Chitwan National Park is the first step that Nepal took towards protection of the wildlife and nature at large. Located in the subtropical inner Terai lowlands of south-central Nepal, the national park covers an area of 952.63 sq. km. over the districts of Nawalparasi, Parsa, Makwanpur and Chitwan itself. The place was granted its long-due status of UNESCO World Heritage Site in 1984, and ever since its inception 11 years before that, Chitwan National Park has been getting the footfalls of the nature lovers and wildlife enthusiasts.
Wildlife at Chitwan National Park
Chitwan National Park shares borders with Parsa National Park in the east and Valmiki National Park of India in the south, and together they represent a 3549 sq. km. wide Tiger Conservation Project over the alluvial grasslands. The wide range of vegetation in Chitwan is home to more than 700 species of wildlife, and there are more yet to be labelled.
From reptiles like a king cobra, rock python, monitor lizards and mugger crocodiles to rare mammals like the Royal Bengal Tiger, leopards and rhinos - Chitwan do a good job in protecting the native Indian continental wildlife. The numbers of some animals like the rhino and the gharial crocodiles have fluctuated over the years, but the authorities have so far successfully maintained a healthy ratio.
Other common animals include lots of sloth bears, otters, Bengal foxes, badgers, jackals, fishing cats, civets, mongooses, martens, sambars, barking and hog deer, chital, langurs, wild boars, Indian pangolins, flying squirrels, common Indian monkeys and red muntjac. Occasionally, Gaurs from the Churia hills region and wild elephants crossing Indian borders get into Chitwan as well.
Paradise for Bird Watchers
The population of avian creatures in Chitwan National Park makes it a heaven for the bird-enthusiasts. It is the home for many native Indian, as well as rare and migratory species of birds. The grasslands of the national park are a breeding ground for birds like Bengal Florican, adjutants, grey-crowned prinia and several species of grass warbles, almost-threatened Oriental darter along with regulars like egrets, storks, kingfishers and bitterns. The globally threatened spotted eagle can be spotted here sometimes.
Among migrating species, the eastern imperial eagle and goosanders are common visitors. Parakeets, flycatchers and sunbirds are also widely spotted. Another species, which we don't usually consider while looking at birds - vultures - are protected here.
Chitwan National Park Tours & Safari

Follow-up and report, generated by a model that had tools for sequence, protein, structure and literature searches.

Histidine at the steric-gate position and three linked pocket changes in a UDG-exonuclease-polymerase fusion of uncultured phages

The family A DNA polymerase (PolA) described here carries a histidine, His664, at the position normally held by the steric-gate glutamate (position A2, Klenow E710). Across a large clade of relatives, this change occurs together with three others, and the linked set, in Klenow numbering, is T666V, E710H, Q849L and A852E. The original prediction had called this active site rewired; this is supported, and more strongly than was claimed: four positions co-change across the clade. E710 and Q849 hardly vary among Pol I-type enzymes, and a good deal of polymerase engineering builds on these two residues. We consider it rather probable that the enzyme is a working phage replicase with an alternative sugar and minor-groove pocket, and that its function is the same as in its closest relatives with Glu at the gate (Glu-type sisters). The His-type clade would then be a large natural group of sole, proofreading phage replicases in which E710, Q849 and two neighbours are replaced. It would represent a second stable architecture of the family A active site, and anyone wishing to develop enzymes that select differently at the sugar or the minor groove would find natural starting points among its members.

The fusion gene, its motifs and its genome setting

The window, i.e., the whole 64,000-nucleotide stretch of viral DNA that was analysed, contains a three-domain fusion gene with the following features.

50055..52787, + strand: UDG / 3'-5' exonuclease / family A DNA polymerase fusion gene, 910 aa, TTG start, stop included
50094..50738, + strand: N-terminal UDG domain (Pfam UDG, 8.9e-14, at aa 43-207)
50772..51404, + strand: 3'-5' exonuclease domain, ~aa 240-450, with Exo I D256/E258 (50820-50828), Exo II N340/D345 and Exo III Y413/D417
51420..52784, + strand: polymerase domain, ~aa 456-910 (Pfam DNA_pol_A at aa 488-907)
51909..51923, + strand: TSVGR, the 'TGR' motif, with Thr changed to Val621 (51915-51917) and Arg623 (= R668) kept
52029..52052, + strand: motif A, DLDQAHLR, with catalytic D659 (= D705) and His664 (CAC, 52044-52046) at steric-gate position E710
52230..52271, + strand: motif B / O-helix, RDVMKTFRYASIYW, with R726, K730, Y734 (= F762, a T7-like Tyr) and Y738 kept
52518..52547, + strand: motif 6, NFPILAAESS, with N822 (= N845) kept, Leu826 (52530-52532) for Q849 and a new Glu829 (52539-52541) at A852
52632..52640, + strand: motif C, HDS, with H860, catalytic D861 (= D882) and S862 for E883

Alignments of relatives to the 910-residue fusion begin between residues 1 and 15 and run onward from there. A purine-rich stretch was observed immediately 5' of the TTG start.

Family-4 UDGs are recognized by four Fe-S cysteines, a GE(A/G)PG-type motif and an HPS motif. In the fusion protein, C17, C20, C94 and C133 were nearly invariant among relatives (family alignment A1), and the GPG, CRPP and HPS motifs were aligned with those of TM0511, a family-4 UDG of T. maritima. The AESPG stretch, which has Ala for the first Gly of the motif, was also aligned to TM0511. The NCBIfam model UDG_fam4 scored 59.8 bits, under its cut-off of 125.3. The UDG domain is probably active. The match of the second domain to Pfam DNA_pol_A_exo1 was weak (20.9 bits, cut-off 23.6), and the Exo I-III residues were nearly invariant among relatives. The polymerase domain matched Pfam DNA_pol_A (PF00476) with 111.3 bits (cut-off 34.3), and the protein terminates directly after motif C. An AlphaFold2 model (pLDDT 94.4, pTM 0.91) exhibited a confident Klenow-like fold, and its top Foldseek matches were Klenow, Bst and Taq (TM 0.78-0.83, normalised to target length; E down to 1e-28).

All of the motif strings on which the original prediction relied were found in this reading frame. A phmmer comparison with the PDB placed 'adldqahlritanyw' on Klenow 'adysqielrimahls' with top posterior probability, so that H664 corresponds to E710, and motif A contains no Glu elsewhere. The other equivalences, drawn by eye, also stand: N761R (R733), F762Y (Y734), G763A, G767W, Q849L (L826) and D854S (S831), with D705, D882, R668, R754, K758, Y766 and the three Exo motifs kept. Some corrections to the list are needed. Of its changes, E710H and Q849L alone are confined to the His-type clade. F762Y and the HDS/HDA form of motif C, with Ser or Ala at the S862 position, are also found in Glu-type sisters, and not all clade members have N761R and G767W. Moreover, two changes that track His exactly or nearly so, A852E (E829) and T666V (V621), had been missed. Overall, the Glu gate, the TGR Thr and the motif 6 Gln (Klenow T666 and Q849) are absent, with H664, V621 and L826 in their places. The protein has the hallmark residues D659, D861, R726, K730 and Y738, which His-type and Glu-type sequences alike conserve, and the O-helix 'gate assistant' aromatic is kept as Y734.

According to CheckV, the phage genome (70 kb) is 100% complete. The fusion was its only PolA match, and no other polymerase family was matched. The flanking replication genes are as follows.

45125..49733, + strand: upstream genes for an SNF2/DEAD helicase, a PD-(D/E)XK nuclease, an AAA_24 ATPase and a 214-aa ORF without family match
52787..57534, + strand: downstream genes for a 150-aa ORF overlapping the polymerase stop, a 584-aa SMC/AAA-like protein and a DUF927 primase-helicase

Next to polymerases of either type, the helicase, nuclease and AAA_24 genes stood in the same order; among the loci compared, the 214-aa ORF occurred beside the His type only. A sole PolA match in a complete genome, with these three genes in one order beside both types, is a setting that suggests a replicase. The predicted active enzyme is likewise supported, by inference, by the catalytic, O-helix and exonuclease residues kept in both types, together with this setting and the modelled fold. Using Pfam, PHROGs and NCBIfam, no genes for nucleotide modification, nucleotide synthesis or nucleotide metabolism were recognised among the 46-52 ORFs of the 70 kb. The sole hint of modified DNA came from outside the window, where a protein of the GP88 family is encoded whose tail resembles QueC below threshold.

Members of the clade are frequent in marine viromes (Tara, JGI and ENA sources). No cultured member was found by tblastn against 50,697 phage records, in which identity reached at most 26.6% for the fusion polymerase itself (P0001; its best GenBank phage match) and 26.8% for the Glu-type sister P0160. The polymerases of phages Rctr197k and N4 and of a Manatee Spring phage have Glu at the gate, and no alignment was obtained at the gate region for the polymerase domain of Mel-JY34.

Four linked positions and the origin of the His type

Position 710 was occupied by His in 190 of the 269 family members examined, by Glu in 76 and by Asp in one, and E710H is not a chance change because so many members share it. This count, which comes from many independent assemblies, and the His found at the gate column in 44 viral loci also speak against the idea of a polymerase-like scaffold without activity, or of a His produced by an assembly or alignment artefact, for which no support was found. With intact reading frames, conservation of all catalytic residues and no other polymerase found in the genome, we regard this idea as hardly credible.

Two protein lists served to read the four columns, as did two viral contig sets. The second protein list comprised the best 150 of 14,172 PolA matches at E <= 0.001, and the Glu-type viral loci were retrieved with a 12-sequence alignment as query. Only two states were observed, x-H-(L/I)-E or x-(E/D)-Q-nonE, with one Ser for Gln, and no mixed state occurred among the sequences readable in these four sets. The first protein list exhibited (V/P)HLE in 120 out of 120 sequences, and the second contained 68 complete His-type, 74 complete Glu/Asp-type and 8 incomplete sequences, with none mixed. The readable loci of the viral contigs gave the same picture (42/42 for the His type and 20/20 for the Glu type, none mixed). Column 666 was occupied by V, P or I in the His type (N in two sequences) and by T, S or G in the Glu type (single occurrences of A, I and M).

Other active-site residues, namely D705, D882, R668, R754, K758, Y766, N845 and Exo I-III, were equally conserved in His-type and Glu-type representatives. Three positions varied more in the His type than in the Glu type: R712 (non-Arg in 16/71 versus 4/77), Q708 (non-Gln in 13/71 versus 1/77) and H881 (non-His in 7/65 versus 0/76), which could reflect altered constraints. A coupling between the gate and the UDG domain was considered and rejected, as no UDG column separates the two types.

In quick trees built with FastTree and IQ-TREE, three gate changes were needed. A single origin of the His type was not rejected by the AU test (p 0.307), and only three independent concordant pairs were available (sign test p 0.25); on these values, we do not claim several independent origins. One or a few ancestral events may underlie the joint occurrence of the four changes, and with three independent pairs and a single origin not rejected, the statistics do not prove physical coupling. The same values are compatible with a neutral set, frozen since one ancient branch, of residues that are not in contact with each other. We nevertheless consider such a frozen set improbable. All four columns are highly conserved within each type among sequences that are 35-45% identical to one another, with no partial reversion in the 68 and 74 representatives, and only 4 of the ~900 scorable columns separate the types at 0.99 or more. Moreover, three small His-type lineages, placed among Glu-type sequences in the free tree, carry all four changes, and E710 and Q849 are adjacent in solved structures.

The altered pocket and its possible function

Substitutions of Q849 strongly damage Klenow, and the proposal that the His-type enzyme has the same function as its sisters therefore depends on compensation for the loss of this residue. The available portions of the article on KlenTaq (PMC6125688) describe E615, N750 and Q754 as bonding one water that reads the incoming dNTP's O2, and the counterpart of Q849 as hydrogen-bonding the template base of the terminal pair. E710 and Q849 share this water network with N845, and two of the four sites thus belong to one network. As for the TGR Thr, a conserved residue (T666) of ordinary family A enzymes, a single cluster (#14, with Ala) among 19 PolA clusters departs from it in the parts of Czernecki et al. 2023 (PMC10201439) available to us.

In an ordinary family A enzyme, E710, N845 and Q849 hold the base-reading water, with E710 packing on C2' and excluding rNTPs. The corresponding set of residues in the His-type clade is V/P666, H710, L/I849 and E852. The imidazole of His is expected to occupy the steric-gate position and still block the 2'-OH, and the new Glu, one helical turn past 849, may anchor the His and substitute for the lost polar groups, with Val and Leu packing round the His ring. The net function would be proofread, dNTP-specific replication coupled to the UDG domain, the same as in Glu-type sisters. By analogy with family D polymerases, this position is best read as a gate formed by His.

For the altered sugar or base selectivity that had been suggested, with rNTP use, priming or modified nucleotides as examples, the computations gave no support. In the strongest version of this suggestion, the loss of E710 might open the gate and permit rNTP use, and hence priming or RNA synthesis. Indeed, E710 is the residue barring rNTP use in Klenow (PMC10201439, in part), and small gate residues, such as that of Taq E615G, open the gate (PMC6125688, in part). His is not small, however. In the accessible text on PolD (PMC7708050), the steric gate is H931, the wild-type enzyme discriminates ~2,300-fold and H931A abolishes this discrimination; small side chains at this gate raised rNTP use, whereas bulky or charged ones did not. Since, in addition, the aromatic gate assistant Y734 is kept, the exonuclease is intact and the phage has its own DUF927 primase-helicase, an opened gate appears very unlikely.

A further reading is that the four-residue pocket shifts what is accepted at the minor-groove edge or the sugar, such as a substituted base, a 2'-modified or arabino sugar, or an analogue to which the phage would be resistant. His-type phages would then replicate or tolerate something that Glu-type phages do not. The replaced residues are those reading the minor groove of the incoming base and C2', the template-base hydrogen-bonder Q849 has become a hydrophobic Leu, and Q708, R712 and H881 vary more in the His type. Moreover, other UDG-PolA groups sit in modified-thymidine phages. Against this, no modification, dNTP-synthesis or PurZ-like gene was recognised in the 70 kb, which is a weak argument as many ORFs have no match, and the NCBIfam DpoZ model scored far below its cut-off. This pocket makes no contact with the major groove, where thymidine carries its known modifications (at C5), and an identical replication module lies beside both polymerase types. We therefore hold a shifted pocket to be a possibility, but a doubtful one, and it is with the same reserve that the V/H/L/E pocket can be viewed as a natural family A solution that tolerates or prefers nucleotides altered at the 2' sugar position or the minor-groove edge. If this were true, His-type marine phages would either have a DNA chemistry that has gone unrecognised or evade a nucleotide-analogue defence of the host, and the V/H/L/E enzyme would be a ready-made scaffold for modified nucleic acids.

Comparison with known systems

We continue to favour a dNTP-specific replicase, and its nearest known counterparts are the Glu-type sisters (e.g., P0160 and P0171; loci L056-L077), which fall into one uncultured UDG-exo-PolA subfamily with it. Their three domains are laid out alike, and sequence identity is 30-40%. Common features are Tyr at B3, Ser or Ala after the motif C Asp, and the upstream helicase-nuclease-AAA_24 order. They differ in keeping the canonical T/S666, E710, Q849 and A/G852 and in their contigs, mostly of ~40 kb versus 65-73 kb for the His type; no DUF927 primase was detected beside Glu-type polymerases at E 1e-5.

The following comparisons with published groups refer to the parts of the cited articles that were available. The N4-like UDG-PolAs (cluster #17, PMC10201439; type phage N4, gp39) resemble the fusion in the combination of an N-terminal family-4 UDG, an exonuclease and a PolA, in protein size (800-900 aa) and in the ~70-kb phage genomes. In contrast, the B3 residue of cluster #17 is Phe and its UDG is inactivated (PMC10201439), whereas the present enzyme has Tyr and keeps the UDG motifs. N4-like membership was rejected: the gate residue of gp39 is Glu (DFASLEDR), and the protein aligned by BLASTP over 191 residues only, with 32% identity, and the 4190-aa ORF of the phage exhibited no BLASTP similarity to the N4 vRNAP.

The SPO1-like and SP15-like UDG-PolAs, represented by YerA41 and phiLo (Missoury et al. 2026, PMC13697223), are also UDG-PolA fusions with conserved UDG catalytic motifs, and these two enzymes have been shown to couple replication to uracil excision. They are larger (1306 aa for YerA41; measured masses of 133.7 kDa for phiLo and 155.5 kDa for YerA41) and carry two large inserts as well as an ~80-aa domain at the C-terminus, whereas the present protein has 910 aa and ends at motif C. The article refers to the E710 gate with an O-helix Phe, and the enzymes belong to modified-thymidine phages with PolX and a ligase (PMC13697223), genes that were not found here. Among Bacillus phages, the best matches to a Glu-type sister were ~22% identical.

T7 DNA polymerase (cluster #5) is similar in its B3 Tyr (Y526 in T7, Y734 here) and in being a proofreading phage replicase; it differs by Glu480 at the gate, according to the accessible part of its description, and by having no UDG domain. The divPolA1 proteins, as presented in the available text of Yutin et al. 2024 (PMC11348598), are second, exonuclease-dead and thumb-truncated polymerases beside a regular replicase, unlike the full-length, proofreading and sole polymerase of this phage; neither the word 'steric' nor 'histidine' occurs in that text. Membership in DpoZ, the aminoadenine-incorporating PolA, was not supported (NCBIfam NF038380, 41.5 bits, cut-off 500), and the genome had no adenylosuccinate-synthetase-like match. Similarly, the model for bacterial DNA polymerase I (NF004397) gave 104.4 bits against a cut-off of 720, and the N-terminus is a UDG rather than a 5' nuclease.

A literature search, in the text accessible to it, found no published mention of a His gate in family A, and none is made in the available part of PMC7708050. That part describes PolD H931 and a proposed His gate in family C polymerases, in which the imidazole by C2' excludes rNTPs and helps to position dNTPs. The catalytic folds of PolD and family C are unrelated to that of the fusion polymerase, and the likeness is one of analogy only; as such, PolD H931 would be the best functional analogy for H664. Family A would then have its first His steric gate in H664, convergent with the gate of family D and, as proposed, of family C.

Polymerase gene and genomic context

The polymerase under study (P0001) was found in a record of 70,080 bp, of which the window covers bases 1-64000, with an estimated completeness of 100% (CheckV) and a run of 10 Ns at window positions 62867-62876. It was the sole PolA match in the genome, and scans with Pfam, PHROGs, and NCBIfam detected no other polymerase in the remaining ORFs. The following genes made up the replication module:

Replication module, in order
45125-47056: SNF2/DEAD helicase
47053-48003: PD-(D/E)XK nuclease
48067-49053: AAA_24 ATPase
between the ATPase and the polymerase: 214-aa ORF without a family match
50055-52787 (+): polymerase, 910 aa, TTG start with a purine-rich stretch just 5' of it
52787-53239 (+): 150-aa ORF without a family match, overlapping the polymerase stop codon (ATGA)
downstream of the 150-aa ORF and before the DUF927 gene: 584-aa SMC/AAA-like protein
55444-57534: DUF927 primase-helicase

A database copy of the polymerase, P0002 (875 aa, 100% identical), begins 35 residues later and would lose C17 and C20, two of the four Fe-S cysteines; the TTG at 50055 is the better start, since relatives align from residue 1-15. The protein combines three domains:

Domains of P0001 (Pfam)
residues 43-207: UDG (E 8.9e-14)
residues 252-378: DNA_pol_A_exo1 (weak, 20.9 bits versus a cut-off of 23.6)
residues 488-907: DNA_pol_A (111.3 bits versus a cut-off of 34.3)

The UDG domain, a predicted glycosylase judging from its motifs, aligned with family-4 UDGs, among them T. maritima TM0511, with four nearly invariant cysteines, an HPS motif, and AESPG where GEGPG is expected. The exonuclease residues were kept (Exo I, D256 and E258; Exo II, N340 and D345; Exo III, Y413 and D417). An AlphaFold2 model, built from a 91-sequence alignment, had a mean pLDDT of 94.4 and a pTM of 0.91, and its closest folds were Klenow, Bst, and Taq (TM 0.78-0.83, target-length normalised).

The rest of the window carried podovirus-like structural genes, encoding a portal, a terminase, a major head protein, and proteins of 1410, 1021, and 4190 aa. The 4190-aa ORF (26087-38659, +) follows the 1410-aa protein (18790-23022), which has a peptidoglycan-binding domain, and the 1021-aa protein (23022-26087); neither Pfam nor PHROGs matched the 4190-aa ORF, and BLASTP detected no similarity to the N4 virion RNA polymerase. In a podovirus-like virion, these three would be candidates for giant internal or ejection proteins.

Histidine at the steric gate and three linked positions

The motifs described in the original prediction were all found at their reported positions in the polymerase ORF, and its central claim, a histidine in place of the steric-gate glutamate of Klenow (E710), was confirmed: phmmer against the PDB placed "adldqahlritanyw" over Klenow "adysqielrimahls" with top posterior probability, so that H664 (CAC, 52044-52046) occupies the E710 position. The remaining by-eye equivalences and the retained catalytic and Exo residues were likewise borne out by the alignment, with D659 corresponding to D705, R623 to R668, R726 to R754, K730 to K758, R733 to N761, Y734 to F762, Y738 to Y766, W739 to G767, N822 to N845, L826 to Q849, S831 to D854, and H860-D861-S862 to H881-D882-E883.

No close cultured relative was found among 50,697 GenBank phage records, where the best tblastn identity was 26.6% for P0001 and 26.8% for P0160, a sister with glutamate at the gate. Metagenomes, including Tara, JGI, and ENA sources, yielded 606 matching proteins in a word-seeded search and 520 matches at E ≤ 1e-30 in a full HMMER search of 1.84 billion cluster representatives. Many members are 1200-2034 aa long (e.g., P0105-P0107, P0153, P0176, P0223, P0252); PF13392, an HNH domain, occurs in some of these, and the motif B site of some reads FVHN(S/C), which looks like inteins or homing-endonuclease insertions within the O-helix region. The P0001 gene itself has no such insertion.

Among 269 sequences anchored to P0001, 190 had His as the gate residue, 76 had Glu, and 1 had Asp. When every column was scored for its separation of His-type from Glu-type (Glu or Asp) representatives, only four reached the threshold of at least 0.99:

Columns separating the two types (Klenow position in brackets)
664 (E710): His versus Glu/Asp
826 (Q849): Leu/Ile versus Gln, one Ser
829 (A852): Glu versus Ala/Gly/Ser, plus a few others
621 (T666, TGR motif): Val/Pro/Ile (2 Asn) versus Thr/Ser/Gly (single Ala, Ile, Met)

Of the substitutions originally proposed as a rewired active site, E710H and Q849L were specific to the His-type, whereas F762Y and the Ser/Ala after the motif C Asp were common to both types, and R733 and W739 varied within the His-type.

Most national parks are only open for jeep safaris, but not this one. In Chitwan National Park, you can pick and choose from many exciting and fun activities. While jeep safari is indeed there and it takes you to the Gharial Crocodile Breeding Centre at the headquarters in Kasara, that is not all that there is.
Elephant back safari is almost synonymous of Chitwan. Riding the largest mammals alive and taking a tour of the forests, as the smell of the wild surrounds you and the anticipation of a wild animal peeking out anytime, is quite inexplicable in words. However, many people are becoming conscious of animal rights and denouncing elephant rides since the animals are not treated well in many places.
The Chitwan National Park is striving towards making the forest a safe space for the big mammals. The Elephant Breeding Centre here is one of the best in Asia. When you visit the place, you will see how carefully the elephants and their calves are kept and fed in a friendly, safe environment. In another place called Sauraha, you can feed the elephants and bathe them in the water of Rapti River - a completely new and gratifying experience.
Bird-watchers can take a walk through the jungle, and hire a professional so that he can take you through the routes which are safe and have more chances of spotting birds. Another fun and exciting thing to do is take a canoe ride. A slow ride down the river stream is an experience you had not anticipated when you came here for sure, but it will leave you spellbound with the beautiful riverside scenes.
It would be really unfair to come to Chitwan National Park and not visit the village of Tharus, the original residents of this place. The village can be explored on foot or on you can go traditional and take the famous ox-cart ride. You should take a guide along to explain to you all the nuances of everyday Tharu lives, their past and present and their culture.
After being relocated, they have settled up in this village. The usual jeep safaris include the cultural program that the local Tharu people perform for the visitors. The Tharu girls and boys, in their bright and colourful traditional costumes, dance to folk music and urge you to join in their lovely beats as well.
At a distance, there is the Tharu Cultural Museum to serve the community. It houses the evolution of the Tharu people from the olden days to the present - a tale told through old and new photographs, documents, weapons, potteries and other things they have used over the years. There are handicraft shops outside, from where you can buy small souvenirs to remember the lovely trip by.
Bish Hazaari Lake
Do visit the Bish Hazari Taal or the 20 Thousand Lake while on a trip to Chitwan National Park. The place got this name because of the numerous divisions of the water body present here, and it looks like many small and big lakes, separate but clustered together. This place is mostly frequented by the veteran bird-watchers. The lake is a nesting and breeding ground for many native and migratory birds that you have never seen before.
If you are on tour to Nepal and if you are a nature-lover, Chitwan National Park should definitely be on your itinerary.